‘What you got in your sarnies today?’ Dora asked taking a greaseproof-wrapped package from her bag and smiling at the jam and margarine filling. She had two ginger nuts for afters too.

‘Dripping on toast, again.’ Joanie pulled a face.

‘Here, swap for half of mine, and give me half of yours.’

‘Thanks,’ Joanie said. Dora’s mam’s home-made bread and jam was always delicious.

The pair tucked in, enjoying the welcome warmth of the sun after being cooped up all morning. After they finished their dinner and shared a bottle of lukewarm corporation pop Dora had dug out of her bag, they dropped down onto the patch of grass below the wall to sunbathe. Dora hitched up her faded wrap-over pinny, exposing her bare legs slightly, and Joanie did likewise.

‘Look at my legs! What if Frank can’t get me any stockings for the wedding? We need to spend time on the beach at New Brighton to get some more sun on them,’ Dora said. ‘Might ask Joe if he’ll take me across on the ferry at the weekend.’

Dora was excited about marrying her fiancé, Joe Rodgers. They were teenage sweethearts and had always been inseparable at school, but then the war had forced them apart. After years of anxious days and nights, and love-letters that took months to arrive, Joe returned safely home. He’d immediately proposed, and Dora, who’d dreamed and hoped for that moment the whole time he’d been away, had accepted.

She knew she was lucky that her Joe had come home safe and sound from the war, and apart from being a lot skinnier, he hadn’t changed too much in his years away with the army. Several members of his platoon were never coming home, including young men from their village, who’d left behind heartbroken wives and girlfriends. For some, it wasn’t all Vera Lynn, bunting, and finger sandwiches on VE Day, as Dora’s mam reminded her whenever Dora got too carried away with her fancy plans for the big day.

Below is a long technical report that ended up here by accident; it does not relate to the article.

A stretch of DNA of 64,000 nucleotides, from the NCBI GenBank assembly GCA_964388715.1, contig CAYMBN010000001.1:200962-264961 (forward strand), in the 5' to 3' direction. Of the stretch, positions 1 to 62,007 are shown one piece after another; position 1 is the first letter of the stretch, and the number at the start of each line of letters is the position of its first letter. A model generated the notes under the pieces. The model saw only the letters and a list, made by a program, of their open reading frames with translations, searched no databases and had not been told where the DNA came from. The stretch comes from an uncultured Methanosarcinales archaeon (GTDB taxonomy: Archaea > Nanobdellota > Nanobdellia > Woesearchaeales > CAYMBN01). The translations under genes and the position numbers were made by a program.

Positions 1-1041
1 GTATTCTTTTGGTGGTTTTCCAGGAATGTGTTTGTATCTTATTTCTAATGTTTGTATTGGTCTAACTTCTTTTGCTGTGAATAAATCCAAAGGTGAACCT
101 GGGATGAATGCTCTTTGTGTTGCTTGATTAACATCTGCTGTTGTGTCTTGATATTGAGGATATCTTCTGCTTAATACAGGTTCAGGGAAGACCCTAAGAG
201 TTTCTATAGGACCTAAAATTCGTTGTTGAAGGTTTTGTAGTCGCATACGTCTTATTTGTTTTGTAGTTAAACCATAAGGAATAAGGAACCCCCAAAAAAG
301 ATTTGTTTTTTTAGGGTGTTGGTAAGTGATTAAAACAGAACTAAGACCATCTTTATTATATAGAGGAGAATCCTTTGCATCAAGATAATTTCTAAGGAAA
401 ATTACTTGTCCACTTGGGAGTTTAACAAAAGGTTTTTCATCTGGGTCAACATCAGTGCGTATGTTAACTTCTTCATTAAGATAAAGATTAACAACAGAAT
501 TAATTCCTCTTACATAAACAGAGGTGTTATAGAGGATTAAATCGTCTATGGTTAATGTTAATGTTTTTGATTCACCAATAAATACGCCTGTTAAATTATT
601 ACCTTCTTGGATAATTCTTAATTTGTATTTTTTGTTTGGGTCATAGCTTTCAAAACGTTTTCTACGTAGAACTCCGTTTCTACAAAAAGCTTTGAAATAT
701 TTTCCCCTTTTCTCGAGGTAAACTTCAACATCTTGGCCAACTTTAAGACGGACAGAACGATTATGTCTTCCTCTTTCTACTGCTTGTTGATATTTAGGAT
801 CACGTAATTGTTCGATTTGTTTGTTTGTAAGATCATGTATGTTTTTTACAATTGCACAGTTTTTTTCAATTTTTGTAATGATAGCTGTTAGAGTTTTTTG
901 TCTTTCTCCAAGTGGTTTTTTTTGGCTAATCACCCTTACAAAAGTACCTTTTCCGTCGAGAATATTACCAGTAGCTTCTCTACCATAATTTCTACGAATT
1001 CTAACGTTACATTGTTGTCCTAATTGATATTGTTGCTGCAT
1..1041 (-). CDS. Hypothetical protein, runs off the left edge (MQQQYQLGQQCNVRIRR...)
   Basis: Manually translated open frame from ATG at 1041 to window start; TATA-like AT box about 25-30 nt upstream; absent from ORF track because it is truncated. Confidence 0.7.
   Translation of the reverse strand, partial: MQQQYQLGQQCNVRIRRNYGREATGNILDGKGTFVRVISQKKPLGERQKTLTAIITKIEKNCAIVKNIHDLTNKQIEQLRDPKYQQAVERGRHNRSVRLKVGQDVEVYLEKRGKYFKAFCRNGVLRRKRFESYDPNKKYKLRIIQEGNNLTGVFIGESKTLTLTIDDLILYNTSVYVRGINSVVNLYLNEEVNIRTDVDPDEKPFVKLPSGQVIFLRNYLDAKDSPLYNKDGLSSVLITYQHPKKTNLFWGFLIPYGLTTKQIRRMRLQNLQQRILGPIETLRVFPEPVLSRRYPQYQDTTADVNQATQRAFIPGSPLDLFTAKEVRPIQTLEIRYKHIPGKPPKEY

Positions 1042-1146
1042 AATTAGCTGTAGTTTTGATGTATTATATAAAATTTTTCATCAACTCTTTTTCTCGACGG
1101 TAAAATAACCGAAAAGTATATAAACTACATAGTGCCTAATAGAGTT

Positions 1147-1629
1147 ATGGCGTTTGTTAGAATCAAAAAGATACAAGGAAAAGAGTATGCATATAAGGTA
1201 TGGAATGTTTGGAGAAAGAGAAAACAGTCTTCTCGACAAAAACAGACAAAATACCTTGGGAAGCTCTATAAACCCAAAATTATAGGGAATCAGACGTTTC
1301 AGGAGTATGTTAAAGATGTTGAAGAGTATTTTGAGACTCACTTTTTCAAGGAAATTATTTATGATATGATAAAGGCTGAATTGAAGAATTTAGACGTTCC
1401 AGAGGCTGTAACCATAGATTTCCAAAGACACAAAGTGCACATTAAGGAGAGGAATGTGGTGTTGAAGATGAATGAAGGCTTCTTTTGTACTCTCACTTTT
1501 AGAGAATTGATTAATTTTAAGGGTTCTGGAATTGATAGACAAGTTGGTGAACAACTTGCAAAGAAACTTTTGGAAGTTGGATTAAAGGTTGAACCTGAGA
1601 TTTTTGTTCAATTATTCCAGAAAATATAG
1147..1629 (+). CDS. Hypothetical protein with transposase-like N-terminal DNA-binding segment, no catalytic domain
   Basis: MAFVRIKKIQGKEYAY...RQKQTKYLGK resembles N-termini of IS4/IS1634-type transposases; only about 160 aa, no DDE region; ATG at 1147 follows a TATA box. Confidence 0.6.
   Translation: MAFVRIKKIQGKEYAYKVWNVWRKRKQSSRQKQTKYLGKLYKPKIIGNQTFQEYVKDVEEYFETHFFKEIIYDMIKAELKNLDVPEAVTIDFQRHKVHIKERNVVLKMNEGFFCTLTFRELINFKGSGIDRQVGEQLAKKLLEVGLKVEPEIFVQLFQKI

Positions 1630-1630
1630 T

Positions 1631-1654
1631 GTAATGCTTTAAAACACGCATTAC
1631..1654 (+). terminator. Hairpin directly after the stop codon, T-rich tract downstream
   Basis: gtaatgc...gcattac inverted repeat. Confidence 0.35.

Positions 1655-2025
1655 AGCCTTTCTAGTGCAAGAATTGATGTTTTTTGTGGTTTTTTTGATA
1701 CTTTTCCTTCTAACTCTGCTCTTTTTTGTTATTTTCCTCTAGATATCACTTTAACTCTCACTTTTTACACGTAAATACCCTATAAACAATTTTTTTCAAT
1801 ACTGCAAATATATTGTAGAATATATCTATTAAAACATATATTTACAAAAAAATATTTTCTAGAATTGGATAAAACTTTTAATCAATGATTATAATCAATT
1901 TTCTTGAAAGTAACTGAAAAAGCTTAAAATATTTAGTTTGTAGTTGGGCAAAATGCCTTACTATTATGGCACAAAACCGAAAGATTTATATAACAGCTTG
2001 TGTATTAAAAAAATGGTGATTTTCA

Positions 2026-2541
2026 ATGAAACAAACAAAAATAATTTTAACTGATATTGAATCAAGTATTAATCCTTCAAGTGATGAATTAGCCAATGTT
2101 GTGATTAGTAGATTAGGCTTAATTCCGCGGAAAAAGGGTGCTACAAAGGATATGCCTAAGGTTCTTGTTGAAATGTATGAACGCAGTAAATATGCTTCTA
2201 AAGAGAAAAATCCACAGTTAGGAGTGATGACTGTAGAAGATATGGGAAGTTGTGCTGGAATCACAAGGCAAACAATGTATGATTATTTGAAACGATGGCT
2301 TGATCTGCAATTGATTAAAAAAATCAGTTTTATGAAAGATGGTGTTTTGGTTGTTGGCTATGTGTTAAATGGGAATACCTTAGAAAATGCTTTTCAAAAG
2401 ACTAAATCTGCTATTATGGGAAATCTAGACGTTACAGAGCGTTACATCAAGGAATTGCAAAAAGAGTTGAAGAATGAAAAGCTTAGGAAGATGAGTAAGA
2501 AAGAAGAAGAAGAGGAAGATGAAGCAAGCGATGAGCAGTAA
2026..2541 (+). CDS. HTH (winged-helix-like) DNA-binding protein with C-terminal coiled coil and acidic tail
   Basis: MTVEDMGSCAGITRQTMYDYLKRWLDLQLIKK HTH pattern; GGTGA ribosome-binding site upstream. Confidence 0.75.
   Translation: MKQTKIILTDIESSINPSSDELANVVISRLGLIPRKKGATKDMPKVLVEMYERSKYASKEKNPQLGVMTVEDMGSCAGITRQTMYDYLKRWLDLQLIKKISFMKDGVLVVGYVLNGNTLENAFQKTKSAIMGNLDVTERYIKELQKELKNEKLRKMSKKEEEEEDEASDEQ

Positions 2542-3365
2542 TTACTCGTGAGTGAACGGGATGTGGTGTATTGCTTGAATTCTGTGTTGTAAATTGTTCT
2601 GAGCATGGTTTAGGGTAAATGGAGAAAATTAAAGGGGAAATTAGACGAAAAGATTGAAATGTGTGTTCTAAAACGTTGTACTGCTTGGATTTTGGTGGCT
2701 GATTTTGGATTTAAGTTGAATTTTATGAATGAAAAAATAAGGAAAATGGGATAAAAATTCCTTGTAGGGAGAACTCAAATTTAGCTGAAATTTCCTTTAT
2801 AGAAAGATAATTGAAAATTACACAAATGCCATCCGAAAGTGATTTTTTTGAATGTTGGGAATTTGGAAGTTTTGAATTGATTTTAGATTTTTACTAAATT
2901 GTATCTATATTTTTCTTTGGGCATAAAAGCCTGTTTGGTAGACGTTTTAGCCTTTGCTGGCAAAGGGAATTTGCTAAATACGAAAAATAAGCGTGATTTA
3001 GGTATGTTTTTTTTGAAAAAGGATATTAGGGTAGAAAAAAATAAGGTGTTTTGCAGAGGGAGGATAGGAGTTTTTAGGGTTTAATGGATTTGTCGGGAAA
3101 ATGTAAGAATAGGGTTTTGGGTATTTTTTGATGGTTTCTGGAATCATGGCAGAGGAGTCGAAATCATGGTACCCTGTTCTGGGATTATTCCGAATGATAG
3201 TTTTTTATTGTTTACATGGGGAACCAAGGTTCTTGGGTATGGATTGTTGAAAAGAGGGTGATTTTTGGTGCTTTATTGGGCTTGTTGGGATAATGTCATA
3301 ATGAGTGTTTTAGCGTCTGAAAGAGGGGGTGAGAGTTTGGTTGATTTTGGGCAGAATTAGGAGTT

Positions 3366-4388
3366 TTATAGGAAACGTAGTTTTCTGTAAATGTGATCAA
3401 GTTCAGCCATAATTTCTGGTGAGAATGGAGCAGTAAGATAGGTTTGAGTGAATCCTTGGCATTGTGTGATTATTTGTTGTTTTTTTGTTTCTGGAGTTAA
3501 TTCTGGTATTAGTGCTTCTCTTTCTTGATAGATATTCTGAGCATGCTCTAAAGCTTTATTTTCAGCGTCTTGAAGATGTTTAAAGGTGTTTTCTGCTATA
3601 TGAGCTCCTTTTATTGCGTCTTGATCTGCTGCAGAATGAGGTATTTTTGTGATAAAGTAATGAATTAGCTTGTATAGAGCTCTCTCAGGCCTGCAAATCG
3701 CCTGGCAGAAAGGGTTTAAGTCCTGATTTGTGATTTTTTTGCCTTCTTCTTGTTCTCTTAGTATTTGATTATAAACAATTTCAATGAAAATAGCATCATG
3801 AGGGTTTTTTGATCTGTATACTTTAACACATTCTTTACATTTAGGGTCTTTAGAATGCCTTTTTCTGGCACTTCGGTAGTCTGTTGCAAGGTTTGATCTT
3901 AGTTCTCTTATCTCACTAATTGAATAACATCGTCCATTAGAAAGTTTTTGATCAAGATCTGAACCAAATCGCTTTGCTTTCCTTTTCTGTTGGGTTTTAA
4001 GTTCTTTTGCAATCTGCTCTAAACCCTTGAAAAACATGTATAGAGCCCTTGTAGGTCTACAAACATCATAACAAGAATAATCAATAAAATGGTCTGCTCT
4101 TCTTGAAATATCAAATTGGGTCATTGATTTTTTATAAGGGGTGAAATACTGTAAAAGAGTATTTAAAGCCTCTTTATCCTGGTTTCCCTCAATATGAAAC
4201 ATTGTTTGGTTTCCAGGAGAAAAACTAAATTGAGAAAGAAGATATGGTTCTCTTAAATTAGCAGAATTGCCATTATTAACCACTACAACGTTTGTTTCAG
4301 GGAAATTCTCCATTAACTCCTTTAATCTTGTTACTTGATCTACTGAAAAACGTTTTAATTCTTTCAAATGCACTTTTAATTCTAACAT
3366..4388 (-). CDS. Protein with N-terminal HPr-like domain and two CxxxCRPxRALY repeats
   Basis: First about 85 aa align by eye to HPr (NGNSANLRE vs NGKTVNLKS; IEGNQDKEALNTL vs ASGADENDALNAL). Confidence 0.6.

For your chance to win an e-copy of The Lost Daughter of Liverpool, click here. The giveaway is open internationally and closes at UK midnight on Sunday 12th February 2017.

About Pam Howes


Pam is a retired interior designer, mum to three daughters, grandma to seven assorted grandchildren and roadie to her musician partner.

The inspiration for Pam’s first novel came from her teenage years, working in a record store, and hanging around with musicians who frequented the business. The first novel evolved into a series about a fictional band The Raiders. She is a fan of sixties music and it’s this love that compelled her to begin writing.

You can find Pam on Twitter, and follow her on Facebook.

There’s more with these other bloggers too:


13 thoughts on “Giveaway: The Lost Daughter of Liverpool by Pam Howes

  1. mylifeliverpool says:

    I have just completed my life true story about Liverpool “In My Liverpool Home” I came to live in Liverpool in 1973 aged just nine after living in Cyprus for five years and fleeing the start of the Turkish invasion. Originally born in London, I, my brothers, sister and parents left the UK for a new life in Cyprus. The war broke out so we came back to the UK to settle in Liverpool. We lived in five areas of Liverpool over forty years- Croxteth, Tuebrook, West Derby and Huyton and Broadgreen and in that time we were at war with the racists. They attacked our home, burned our car, threw a brick in my sisters face at just 2 years of age. During 1970s and 1980s racism was rife in Liverpool and it should have (if one existed) been awarded the Capital of Racism. Glad to say I got out in the end- unfortunately my mother was punched down the stairs at 75 years of age and later got Cancer and my father (80 years old) had CS gas sprayed into his face after racists smashed into their home in Liverpool- that was just five years ago so nothing has changed. Our family spent the 70s and 80s just staying alive in Liverpool. Memories of Liverpool- not good.